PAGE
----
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Exxon Agrees to Pay $25 million for Superfund Cleanup in Newtown Creek

Photo credit: Oils Well in Brooklyn

A three year New York lawsuit against ExxonMobil over the cleanup of Newtown Creek, a heavily polluted section of Brooklyn's Greenpoint area, has resulted in the oil giant's agreement to contribute $25 million to boost remediation of the area, as well as $5 million in penalties and costs.

Newton Creek was finally added to the Environmental Protection Agency's Superfund National Priorities List at the end of September, well over a century after heavy industrial activity contaminated the area with millions of gallons of oil, poisonous PCBs, pesticides, and other highly dangerous substances.  Also responsible for major oil spills in the area are supermajors BP and Chevron.

The addition of many Congressional polluter-allies through the midterm elections doesn't bode well for the Superfund program, which went bankrupt in 2003 following a major loss of tax income in 1995.  While the EPA has asked Congress for a renewal of taxation on petrochemical companies in order to fund the cleanup of their ongoing messes, as opposed to using public funds to take responsibility for the pollution.  Industry opposition plays the same scare-cards we see over and over: forced outsourcing, dead jobs, and a loss of international marketplace competiton.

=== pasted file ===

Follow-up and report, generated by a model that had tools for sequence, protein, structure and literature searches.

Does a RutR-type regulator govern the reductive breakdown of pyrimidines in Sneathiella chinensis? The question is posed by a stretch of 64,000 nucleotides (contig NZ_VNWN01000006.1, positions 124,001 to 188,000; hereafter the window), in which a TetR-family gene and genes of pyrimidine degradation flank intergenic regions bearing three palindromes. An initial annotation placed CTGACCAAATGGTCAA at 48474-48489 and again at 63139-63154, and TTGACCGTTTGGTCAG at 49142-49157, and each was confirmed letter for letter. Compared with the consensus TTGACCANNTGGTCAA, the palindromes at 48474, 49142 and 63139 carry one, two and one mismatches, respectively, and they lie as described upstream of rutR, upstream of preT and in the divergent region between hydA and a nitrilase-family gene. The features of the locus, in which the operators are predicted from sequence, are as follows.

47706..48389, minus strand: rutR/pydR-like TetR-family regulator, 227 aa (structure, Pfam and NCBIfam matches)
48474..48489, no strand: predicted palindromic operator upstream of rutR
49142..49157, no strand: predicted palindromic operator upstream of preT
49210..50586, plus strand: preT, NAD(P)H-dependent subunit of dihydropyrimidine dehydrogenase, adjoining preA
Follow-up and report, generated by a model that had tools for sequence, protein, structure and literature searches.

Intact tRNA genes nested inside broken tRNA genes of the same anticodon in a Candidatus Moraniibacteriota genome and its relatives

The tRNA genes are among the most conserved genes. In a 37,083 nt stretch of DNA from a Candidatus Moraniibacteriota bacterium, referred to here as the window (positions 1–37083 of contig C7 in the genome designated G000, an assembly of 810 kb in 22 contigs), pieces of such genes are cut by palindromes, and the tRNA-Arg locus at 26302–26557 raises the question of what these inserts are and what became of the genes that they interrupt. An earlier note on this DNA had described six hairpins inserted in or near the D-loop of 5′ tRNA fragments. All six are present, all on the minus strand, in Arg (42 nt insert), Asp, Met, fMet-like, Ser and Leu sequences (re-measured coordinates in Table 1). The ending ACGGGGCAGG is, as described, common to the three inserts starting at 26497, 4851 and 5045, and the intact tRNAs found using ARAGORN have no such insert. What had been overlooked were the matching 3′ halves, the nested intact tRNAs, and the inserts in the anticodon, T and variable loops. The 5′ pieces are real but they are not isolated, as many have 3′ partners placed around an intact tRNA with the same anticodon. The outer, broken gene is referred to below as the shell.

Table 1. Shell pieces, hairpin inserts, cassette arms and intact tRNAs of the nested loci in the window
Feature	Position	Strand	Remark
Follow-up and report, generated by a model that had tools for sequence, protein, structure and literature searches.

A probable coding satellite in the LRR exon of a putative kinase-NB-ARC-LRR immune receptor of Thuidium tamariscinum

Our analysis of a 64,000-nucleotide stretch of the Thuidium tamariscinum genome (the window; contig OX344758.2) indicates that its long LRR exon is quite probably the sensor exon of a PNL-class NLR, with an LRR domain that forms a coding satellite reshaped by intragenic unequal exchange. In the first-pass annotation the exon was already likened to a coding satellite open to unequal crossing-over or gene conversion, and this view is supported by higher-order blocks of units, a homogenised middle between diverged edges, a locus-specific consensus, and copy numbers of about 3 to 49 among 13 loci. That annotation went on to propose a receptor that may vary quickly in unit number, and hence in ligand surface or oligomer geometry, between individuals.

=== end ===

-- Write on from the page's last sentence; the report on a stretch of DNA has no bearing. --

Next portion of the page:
As ExxonMobil barely scrapes by with a 2009 profit of 19.2 billion and Chevron's meager $10.4 billion net revenue, it's understandable why the industry would be concerned.  Exxon's recent $30 million commitment sucks up a staggering 0.002% of their 2009 profit.

This story was picked up from the New York Times.

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